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Joe R. Hicks
What Hasn’t Changed
Twenty years later, we’ve seen lots of racial progress, but the inflammatory racial rhetoric often remains the same.
April 27, 2012

The proposition that racism, bad cops, and disrespectful Korean liquor-store owners caused the Los Angeles riots 20 years ago is fundamentally false—but it persists. Perhaps some outmoded police tactics and tough talk from then–police chief Daryl Gates contributed to the rioters’ nihilistic response to the not guilty verdicts in the trial of four police officers who had beaten Rodney King after a high-speed pursuit. Maybe a few Korean merchants were rude to their customers. And inflammatory rhetoric from black leaders probably heightened community tensions. But at the bottom of it all, the festering welfare culture of South Los Angeles created the conditions necessary for an urban conflagration that lasted five days, tallied more than $1 billion in property damage, and left 53 people dead. The culture of anger and dependence, homicidal street gangs, a debased education system, disintegrated families, and race hatred had been a powder keg for years. All it needed was a spark.

I remember the riots well. At the time, I was executive director of the Los Angeles chapter of the Southern Christian Leadership Conference, the civil rights organization founded by Martin Luther King, Jr. My office was located a few miles from where the riots began at the intersection of Florence and Normandie Avenues. When a Simi Valley jury handed down its verdict on the afternoon of April 29, it wasn’t long before hoodlums and thugs poured into the streets, assembling at that corner and looking to exact revenge on anyone with the wrong skin color. Millions eventually saw the footage of Reginald Denny, a white truck driver, as he was brutally beaten and left with permanent brain damage when one of his assailants smashed his skull with a concrete block. By late that night, much of the area south of Interstate 10 was in flames.

South Los Angeles is safer today, reflecting greatly improved policing citywide. Two decades ago, violence had become commonplace in many of the areas where looting and burning were the worst. In 1992, there were 143 homicides in the 12 square miles spanning from Watts to Inglewood, and the Crips owned the neighborhoods surrounding the riot’s flashpoint at Florence and Normandie. Overall, the homicide rate in L.A. that year was 21 people murdered for every 100,000. By 2009, the homicide rate had fallen to 6.7 per 100,000.

The face of South Los Angeles looks different today as well. According to the 1990 Census, Latinos were 45.5 percent of South L.A.’s population. By 2010, that figure stood at 66.3 percent, thanks to a flood of illegal immigration from Mexico and Central America. Over the same period, the percentage of blacks living in South Los Angeles declined from 47 percent to just 31.8, with many residents departing for suburban destinations such as the Antelope Valley and the Inland Empire or leaving the state altogether. And race relations have changed for the better. When Loyola Marymount University’s Center for the Study of Los Angeles polled residents earlier this year about race relations as the riots’ 20th anniversary approached, seven out of ten said that the city’s racial and ethnic groups were getting along just fine.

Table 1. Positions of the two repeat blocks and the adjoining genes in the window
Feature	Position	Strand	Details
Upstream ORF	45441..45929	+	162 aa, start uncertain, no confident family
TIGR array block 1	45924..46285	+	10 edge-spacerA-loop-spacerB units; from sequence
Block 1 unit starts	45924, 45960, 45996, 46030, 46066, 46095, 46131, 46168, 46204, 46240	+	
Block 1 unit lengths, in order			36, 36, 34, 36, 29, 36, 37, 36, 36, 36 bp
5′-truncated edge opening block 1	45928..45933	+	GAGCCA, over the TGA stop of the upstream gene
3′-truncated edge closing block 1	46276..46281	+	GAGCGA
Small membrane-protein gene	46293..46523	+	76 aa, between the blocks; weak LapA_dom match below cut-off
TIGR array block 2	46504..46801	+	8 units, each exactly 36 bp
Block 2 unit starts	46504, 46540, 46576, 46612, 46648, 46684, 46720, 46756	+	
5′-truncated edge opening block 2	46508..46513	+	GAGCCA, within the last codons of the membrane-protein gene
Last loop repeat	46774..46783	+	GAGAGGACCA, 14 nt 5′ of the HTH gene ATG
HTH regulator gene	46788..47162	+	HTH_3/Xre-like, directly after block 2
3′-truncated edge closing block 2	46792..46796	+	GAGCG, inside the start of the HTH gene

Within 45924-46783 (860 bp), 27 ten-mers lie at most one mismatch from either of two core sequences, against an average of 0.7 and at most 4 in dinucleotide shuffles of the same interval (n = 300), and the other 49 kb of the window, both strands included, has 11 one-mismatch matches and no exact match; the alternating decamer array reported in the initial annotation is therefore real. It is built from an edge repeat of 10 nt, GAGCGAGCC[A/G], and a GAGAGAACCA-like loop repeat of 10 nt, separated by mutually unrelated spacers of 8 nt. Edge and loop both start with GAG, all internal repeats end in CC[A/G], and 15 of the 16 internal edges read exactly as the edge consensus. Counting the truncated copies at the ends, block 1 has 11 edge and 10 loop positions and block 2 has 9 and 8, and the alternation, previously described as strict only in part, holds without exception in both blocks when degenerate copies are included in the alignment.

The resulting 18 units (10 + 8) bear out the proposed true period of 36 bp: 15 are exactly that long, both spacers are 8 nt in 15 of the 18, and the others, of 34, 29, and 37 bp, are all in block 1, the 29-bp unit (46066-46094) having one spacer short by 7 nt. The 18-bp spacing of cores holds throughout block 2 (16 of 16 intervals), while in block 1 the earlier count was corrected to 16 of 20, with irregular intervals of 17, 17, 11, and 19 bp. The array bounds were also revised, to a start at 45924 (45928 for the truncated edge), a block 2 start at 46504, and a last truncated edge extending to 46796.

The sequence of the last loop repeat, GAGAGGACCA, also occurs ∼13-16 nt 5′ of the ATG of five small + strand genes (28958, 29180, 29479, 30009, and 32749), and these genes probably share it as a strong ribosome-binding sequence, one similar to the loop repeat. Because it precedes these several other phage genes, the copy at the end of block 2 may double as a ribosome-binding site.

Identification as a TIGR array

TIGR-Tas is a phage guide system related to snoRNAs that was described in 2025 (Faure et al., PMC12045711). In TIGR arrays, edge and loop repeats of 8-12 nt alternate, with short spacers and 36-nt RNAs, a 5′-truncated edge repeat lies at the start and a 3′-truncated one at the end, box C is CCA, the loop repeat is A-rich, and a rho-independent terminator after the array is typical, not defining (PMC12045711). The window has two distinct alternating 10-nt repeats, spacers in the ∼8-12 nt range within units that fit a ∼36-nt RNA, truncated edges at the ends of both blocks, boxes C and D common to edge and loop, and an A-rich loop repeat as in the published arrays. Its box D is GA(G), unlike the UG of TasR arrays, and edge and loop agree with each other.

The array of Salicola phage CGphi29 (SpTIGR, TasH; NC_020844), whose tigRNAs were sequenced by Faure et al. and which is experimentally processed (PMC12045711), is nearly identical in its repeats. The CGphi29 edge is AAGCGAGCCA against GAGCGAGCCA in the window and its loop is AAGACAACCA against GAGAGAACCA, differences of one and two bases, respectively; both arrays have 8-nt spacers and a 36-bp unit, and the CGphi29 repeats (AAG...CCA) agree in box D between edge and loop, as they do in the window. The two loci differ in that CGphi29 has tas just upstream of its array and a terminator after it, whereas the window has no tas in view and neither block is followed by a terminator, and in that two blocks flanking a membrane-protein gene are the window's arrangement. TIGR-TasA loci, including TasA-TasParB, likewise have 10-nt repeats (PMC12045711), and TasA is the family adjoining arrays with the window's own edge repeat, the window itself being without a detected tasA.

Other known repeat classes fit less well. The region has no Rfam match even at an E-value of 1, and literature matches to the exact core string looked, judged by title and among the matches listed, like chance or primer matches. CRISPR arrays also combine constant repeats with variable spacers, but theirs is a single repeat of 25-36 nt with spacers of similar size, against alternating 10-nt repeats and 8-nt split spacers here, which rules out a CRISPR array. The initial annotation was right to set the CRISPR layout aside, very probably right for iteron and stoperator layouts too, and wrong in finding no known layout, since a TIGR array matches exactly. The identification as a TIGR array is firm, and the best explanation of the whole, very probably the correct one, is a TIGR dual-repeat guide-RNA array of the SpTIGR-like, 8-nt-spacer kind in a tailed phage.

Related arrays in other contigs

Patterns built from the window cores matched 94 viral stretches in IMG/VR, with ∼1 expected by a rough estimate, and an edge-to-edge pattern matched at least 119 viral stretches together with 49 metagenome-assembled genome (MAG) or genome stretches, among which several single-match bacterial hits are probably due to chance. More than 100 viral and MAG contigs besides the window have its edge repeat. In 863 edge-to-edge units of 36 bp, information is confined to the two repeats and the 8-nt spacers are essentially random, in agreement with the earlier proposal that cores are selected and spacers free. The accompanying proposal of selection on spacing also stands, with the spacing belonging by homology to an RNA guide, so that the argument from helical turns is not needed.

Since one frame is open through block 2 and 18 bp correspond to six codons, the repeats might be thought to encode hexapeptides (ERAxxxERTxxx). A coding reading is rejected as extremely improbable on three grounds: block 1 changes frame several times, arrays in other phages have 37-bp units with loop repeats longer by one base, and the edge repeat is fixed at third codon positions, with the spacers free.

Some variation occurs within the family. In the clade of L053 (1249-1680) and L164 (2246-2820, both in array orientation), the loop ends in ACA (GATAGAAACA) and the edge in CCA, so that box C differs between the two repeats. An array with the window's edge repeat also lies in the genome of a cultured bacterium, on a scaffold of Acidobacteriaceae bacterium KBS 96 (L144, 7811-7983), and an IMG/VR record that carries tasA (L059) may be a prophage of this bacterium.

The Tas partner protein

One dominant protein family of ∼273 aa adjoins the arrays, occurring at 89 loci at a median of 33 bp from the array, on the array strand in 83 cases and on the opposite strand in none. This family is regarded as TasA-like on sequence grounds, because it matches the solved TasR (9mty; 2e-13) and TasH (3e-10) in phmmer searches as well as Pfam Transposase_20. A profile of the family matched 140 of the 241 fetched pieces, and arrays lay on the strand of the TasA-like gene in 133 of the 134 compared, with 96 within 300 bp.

But 20 years on, one thing hasn’t changed much: racial demagogues’ penchant for irresponsible and incendiary rhetoric. It’s easy to see the resentments that festered within South L.A.’s welfare culture bubbling up in places like Detroit, Toledo, Mobile—and Sanford, Florida. With every race hustler of local and national repute demanding “justice for Trayvon” and the New Black Panther Party putting a bounty on the head of accused killer George Zimmerman, it was surely no surprise that Florida special prosecutor Angela Corey indicted Zimmerman for second-degree murder. Whether the evidence actually supports such a charge is highly doubtful; public opinion seems to be driving the prosecution here. That was also true 20 years ago, with the indictments of those four LAPD cops in the King case. Remember, all that most people ever saw of the King beating was a snippet of George Holliday’s famous video showing white officers beating and clubbing a struggling black man. Those shocking images and the ensuing outrage clearly influenced the decision to prosecute; somebody had to pay. But the Simi Valley jury saw a more complete picture, provided by 56 witnesses and reams of evidence that went well beyond what TV viewers saw in that grainy video.

Yet the old refrain of “No justice, no peace” is in the air again—in a nation governed by a black president and a black attorney general. Despite all our progress, the L.A. riots still haunt us.

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